I'm not alone. I'm just lost. I know where I am. I know where I'm going. I know this way, I've walked these paths before. I know where they lead. But I'm lost.
At a familiar crossroad again. Been here before, taken all the forks, gone the full distance, come around full circle and back to square one. Moved over, settled down, played around and even took the detour - from there to here and back. But my heart whispers that somewhere up there, is there a path I skipped, which takes me away and hides me away.
A way forgotten, in haste or carelessnes. There must be a way - I need to find a way to cut a path across the hills and valleys of life. Passing the crests and troughs like a rough rollercoaster ride of emotions. Travel alone, but arrive together.
Or maybe just pass by. In this vastness of our lives, we pass each other by - a look and a voice. A light and a signal, then the darkness and a silence. And yet again. Crossed paths and meandering routes marking our journeys across this lanscape of existence. There must be a plan, a map to consult, a compass to travel with and the stars to guide you by.
But this is not the map I need. Directions are not what I need, I need a destination.--
Predestination was doomed from the start.
There is not one life which does not end. There were days when I was afraid of death, not because mine was next. But to lose a friend, a father or a mentor - to feel the loss that would stay alive. Death does scare me so, because of how ordinary it has always been. For you does not knock, nor toll the bell - but hark, it tolls, but it does not toll for thee.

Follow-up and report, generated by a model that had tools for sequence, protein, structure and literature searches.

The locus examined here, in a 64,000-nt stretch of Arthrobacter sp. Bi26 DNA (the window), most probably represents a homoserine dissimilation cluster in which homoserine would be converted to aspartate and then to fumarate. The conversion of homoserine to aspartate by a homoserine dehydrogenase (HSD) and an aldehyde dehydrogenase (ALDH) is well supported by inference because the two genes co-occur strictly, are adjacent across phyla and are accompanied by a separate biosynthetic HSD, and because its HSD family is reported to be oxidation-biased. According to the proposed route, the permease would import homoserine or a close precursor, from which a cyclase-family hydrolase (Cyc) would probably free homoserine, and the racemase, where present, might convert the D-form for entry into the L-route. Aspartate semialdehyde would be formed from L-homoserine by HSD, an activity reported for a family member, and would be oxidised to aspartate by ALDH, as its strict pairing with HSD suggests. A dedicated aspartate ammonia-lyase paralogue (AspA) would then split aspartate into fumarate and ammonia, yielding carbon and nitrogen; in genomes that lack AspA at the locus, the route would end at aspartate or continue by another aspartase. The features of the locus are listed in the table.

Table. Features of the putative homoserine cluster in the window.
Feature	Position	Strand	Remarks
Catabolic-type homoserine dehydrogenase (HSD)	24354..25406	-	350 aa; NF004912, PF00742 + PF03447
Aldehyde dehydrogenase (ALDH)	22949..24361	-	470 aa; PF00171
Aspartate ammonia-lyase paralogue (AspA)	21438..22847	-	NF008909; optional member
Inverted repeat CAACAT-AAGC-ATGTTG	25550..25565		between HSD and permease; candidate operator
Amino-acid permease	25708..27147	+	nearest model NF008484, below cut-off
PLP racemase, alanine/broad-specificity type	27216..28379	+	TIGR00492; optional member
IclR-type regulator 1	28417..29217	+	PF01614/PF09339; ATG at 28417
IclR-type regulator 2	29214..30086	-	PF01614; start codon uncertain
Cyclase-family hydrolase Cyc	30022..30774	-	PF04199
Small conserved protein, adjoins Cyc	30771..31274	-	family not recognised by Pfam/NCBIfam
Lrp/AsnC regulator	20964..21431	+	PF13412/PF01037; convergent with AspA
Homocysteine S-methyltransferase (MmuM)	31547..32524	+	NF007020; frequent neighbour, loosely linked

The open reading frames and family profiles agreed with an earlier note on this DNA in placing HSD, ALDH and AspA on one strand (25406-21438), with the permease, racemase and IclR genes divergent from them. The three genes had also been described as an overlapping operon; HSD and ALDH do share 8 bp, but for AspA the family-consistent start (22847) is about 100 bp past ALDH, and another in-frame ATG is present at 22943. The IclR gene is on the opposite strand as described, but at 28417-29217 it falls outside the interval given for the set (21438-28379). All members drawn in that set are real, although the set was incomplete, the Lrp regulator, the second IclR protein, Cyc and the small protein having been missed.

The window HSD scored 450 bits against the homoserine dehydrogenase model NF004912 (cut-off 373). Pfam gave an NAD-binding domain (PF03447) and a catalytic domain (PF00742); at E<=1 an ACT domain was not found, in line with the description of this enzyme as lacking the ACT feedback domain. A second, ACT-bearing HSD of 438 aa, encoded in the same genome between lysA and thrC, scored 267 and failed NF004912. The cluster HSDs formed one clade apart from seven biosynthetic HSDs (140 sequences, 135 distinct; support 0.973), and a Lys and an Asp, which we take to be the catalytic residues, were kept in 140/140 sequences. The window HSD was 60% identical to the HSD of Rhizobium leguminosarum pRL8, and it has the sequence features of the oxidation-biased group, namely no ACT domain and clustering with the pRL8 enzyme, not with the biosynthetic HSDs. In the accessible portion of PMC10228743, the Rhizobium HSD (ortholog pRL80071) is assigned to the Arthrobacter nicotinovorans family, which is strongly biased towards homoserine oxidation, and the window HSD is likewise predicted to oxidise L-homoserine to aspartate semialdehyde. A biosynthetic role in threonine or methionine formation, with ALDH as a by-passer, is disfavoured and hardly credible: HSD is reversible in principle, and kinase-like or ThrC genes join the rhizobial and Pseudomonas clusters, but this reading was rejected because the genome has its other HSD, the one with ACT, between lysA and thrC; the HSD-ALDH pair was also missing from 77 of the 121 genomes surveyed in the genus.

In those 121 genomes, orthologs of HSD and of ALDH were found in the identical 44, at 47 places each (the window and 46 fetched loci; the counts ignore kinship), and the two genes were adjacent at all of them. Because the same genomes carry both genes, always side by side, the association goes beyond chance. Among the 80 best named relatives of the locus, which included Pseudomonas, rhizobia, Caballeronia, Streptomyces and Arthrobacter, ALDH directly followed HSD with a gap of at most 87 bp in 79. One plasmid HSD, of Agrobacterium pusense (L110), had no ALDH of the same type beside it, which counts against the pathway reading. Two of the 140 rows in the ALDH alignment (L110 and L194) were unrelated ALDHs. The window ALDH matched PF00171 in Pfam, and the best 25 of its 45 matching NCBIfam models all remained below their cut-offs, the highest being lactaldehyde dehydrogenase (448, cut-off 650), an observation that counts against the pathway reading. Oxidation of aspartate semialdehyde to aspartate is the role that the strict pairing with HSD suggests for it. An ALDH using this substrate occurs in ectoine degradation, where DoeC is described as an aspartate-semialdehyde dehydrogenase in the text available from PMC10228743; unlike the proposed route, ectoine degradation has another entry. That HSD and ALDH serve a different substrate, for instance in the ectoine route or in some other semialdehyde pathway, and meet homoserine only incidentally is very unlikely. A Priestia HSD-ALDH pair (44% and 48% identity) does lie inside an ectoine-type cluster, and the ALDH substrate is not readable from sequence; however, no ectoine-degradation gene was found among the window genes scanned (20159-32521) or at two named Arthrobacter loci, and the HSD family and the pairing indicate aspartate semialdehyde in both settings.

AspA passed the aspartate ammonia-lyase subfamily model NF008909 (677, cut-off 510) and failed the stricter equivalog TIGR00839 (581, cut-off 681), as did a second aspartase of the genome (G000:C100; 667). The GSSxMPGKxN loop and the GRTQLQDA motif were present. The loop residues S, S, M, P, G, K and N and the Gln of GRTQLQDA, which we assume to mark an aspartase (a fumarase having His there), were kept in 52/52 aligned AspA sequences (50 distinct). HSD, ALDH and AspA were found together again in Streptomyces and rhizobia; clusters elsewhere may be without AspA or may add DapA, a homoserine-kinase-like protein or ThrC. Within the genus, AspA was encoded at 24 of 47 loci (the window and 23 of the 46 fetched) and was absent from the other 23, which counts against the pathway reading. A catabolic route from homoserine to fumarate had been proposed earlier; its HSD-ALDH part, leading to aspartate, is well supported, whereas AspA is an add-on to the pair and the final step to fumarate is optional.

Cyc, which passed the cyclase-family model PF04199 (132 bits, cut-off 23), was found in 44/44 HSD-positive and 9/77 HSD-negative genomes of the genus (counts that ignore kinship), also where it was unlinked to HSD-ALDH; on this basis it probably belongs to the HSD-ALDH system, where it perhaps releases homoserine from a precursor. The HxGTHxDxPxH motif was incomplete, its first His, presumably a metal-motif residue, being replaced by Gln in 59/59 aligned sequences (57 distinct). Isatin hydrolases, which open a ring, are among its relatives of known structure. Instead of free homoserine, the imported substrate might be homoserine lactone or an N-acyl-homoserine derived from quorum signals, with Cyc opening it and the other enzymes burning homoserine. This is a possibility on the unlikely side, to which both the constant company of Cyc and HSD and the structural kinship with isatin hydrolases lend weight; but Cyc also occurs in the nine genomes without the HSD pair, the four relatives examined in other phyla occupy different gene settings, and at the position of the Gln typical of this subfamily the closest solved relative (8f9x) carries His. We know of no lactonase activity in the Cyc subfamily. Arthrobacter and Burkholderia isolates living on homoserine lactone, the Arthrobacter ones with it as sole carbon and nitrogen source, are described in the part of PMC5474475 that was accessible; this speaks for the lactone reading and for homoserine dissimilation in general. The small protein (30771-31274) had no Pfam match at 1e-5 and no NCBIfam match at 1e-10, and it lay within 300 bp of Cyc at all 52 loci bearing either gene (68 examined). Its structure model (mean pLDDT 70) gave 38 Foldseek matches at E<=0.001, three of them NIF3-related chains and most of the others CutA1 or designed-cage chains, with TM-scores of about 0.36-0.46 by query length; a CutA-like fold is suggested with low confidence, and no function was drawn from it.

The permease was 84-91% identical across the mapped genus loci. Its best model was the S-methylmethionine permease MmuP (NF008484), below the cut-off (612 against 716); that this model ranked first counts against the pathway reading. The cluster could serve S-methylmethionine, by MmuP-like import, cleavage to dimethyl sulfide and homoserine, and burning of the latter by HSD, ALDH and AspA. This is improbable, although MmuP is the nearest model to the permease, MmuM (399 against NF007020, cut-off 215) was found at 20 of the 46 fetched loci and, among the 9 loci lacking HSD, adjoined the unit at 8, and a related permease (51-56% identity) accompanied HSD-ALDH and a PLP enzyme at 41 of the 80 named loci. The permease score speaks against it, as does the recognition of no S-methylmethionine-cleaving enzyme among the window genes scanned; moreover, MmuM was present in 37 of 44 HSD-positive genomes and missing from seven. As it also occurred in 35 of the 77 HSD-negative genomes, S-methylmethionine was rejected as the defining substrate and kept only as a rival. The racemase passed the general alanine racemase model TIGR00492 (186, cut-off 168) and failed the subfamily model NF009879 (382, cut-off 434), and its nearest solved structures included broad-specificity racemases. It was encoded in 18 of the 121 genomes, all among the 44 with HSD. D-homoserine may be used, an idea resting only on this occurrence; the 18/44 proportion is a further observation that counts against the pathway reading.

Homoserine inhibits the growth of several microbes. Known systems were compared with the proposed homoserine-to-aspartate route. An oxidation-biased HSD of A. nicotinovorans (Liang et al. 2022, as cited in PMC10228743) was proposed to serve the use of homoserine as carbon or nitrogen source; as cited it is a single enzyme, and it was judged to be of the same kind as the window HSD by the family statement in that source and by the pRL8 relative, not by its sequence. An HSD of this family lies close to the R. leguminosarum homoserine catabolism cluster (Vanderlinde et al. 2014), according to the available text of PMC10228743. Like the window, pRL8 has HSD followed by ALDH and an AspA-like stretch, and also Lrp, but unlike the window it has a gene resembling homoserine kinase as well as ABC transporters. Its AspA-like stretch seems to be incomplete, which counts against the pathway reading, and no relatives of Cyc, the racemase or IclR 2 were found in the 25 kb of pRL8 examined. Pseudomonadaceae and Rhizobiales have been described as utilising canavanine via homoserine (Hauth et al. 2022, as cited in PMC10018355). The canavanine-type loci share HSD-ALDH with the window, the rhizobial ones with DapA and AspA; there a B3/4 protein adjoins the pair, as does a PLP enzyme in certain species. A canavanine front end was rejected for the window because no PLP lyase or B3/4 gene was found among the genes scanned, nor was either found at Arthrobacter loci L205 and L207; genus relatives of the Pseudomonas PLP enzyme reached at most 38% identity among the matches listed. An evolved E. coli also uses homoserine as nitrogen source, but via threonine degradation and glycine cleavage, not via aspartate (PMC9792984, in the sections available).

Hear the bell and I weep for me.
For the one who's lost is really me.
Death is beautiful when seen to be a law, and not an accident - It is as common as life.
-- Henry David Thoreau
Sometimes discussions go offtopic. The starting points don't matter, neither do the goals (as if they exist !) - but it is the path it takes that needs to be recorded for posterity. One such philosophical debate happened yesterday, ending up rather more off-track than usual. Repeated here, from memory (i.e mostly what I said) & in condensed form.